c) Traffic Matrices--By decoding the headers contained in the information fields of the collected-data packets many different traffic matrices can be obtained. The most basic traffic matrix would give the number of bytes and packets exchanged between each pair of stations on the network; such a matrix could be formed for each of the logical segments of the network as well as an overall matrix based on the maximum figures for each station pair found in the segment traffic matrices.

d) Address Mappings--The sampled packet headers generally contain information linking LAN addresses to higher level addresses. Thus where the LAN is an Ethernet LAN over which the TCP/IP protocol stack is being operated, the Ethernet to IP address mapping is easily obtained.

e) Availability--If the monitoring devices 12 are regarded as reliable, the lack of collected-data packets from a particular device or group of devices could be used to indicate network disconnections. In addition the lack of traffic from a particular station 11 (e.g., a file server) may indicate that it has failed.

It will of course be appreciated that a number of variations are possible to describe the monitoring device and network monitoring system. Thus for example, each collected-data packet formed by a monitoring device may contain data in respect of more than one randomly-selected packet. Furthermore, the data collected from a selected packet may comprise other elements to those described, for example, other fields of the selected packets as received by each monitoring device (in other words, fields additional to or different from the packet header fields). The monitoring devices themselves can take the form of a stand-alone station as indicated in FIG. 1, or cards slotted into existing network stations 11, or as part of the functionality provided by a bridge or router or as a process running on a processor of a connected network station.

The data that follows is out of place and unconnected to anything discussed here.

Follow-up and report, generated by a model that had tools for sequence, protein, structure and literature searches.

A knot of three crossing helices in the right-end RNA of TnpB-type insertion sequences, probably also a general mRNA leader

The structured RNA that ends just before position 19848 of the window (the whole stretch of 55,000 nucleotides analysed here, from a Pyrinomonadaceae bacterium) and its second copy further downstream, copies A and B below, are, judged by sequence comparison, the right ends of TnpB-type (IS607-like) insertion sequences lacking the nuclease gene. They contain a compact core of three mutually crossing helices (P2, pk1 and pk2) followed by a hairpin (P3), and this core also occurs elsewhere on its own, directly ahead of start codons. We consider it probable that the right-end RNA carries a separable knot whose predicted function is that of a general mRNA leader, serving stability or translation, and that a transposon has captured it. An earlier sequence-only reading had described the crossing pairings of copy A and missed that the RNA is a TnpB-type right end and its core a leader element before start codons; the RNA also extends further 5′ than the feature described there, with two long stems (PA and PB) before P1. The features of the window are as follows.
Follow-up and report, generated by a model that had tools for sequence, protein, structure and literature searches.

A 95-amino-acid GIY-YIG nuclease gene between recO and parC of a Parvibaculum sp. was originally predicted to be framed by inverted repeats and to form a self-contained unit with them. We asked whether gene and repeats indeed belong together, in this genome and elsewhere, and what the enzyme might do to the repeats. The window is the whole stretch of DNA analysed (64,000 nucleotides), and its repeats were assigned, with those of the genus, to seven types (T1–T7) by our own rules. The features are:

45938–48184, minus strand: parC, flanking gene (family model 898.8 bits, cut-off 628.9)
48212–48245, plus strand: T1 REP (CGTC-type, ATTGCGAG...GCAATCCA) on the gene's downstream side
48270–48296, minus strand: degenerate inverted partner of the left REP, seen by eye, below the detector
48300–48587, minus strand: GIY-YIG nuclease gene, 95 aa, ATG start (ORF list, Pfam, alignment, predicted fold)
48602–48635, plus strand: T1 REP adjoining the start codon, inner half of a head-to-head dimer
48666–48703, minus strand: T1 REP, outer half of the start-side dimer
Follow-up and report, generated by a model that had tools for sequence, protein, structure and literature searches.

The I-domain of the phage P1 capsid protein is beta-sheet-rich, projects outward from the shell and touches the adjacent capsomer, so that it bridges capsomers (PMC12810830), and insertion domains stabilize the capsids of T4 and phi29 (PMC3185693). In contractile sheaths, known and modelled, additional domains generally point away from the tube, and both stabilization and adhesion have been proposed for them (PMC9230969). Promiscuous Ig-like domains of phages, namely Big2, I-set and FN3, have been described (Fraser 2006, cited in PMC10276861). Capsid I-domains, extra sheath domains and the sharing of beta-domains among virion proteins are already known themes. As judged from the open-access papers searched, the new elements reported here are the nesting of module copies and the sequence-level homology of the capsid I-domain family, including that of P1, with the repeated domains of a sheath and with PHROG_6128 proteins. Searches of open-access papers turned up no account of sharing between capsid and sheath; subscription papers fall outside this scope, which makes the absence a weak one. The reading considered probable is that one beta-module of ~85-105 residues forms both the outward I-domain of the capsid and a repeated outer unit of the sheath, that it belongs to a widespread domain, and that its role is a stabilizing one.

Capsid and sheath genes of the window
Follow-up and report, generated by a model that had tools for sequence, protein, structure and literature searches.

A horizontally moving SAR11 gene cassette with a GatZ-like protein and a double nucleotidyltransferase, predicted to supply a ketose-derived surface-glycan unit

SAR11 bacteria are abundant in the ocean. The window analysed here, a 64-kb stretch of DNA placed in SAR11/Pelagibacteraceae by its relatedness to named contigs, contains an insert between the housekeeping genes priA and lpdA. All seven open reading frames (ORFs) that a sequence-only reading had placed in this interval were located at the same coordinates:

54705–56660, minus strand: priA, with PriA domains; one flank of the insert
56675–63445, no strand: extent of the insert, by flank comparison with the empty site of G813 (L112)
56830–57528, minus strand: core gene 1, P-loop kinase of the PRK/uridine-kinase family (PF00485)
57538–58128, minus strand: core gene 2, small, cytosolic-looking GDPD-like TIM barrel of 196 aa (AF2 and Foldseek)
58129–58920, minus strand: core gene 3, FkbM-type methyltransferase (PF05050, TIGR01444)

Furthermore, the network monitoring device and system can be applied both to asynchronous datagram type networks such as Ethernet as well as to slotted networks where each station inserts data into a predetermined framed structure generated by a head station on the network.

While the invention has been described and illustrated with reference to specific embodiments, those skilled in the art will recognize that modifications and variations may be made without departing from the principles of the invention as described herein above and set forth in the following claims.